U.S. Tankers End Mission in Bosnia, Return to Germany
By Master Sgt. Kathy Wright, USAR
American Forces Press Service
SLAVONSKI BROD, Croatia, Aug. 28, 1996 Like a conscientious driver preparing his vehicle for a long trip, Staff Sgt. Xavier E. Scott and his crew labored the better part of a hot, sweltering day at McGovern Base recently getting their M1-A1 Abrams tank ready for the first leg of their return to Germany.
They are taking their 68-ton tank home to Friedberg in September. It's a journey members of the 1st Platoon, Company A, 2-67 Armor, have been working for since their arrival in Bosnia-Herzegovina eight months ago.
Temperatures soared into the 90s and the dust turned everything a light shade of brown, but the soldiers hardly noticed as they strained to change the 312 track pads that will cushion the M1-A1's 90-kilometer ride to Slavonski Brod, Croatia.
Scott's tank is one of 14 scheduled to leave Task Force 3-5 at the end of August. That date will mark the eight- month anniversary of the group's arrival at "Desolation Boulevard," where Scott spent one of the most tense nights of his life.
As part of the first NATO peace implementation force group to deploy to the former front lines of the fighting factions, the Kansas City, Mo., native still recalls the fear that hung in the cold December air.
"We could see men carrying AK-47s, and no one was sure they wouldn't use them," Scott said. "But once we moved our tanks in, they saw what they were up against and they quickly backed off."
The 1st Armored Division tanks continued to roll, averaging 1,500 miles over the next four months. Scott said the massive vehicles would hardly move 50 miles during that time frame in Germany.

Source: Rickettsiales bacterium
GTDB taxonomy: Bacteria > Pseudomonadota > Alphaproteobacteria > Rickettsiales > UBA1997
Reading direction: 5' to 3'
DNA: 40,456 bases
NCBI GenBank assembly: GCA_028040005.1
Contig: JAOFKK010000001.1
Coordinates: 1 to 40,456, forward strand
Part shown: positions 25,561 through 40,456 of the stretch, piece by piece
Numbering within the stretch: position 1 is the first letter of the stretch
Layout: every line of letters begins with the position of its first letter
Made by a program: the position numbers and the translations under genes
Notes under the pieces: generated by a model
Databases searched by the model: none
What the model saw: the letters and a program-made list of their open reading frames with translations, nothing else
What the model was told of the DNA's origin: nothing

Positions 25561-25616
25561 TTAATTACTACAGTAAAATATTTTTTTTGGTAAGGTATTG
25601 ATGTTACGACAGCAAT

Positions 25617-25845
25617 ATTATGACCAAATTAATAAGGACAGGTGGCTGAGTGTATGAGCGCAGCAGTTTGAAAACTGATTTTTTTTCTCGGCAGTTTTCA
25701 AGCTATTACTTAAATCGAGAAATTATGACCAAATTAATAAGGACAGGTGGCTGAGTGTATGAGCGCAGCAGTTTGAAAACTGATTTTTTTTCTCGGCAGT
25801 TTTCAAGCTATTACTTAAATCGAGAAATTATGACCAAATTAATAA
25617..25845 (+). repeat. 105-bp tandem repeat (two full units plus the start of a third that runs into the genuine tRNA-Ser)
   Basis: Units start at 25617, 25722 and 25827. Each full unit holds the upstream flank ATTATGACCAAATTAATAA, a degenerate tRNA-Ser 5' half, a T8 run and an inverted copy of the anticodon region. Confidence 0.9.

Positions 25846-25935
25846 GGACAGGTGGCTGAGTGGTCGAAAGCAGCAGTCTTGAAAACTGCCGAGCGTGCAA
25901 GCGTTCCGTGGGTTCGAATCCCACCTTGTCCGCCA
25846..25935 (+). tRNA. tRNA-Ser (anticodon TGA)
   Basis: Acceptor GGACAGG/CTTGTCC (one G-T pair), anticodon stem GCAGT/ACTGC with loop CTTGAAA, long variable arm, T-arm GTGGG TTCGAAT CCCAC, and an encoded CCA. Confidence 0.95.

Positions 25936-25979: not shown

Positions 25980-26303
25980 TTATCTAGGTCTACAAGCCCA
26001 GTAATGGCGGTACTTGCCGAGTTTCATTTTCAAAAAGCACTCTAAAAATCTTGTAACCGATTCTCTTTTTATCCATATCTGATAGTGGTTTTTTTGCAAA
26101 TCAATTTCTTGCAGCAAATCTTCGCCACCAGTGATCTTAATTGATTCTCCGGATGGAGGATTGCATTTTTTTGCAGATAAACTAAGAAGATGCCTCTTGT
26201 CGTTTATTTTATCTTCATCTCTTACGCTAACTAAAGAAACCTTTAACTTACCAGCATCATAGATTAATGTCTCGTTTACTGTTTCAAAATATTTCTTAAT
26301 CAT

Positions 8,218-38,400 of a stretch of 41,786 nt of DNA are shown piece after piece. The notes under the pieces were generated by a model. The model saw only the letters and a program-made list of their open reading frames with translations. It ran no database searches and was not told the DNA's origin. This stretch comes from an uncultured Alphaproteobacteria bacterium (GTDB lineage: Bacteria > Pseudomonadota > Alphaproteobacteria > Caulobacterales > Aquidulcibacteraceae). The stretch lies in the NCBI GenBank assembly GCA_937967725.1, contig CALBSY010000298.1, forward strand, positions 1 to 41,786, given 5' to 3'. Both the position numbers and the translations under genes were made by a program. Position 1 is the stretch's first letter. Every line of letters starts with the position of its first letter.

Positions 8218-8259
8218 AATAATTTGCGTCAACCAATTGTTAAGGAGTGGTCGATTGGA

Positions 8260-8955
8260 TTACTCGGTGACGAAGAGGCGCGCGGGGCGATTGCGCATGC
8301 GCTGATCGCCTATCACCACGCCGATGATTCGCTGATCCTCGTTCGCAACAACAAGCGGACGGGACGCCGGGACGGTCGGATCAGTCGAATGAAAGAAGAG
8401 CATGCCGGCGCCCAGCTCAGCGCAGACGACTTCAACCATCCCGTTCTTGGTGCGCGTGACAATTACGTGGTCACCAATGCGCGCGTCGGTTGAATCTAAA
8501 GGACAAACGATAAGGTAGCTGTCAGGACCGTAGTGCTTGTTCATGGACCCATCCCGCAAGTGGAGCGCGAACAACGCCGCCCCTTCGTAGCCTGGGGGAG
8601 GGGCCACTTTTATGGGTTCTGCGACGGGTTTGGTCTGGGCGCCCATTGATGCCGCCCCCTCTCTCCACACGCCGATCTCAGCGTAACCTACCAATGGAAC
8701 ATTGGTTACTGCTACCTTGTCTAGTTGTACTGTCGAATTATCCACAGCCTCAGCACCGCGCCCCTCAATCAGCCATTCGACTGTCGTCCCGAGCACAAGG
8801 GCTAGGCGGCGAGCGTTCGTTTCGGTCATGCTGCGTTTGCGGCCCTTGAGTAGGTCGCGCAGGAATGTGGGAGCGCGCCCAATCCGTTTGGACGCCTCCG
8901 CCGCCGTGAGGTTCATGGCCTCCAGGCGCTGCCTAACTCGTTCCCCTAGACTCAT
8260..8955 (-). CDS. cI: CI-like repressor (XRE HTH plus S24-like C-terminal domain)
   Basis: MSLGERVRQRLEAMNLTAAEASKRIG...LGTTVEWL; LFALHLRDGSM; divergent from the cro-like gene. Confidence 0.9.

Chalking up driving time on local roads, Scott and his men also left a little boot leather on the streets of Brcko, Bosnia, and other nearby foot-patrolled areas. Members of the platoon cross-trained and worked side by side with infantry soldiers early in the operation.
"I enlisted as an armor crewman because I like riding better than walking," 23-year-old Army Spc. Jon A. Schneider said with a smile. "But it was interesting to work with those guys."
A Houston native who has been in the U.S. Army for a year and a half, Schneider also had the chance to get a close look at T-55 Russian-built tanks. "We were called out when seven tanks were spotted on the move," Schneider said. "Our crew was really pumped about confronting these guys, and I think we all were a little terrified not knowing what their intentions were."
The tank crew soon discovered coordination for the tank movement had not been properly made and an attack was not imminent. "We were half relieved and half disappointed," said Schneider.
Scott said he is totally relieved he will be taking back his soldiers and tanks in as good a shape as he brought them. "Completing the job and making sure no one got hurt doing it was my goal," said the 37-year-old father of three. "It's a good feeling to know we accomplished what we set out to do."
Both Scott and Schneider agreed they learned a great deal, not all of it relating to armor. "I discovered that as Americans we make a big impression on others," Schneider said. "The flag we wear on our uniform carries a lot of respect as well as responsibility."
(Master Sgt. Kathy Wright is assigned with the 350th Mobile Public Affairs Detachment, currently deployed to Bosnia- Herzegovina.)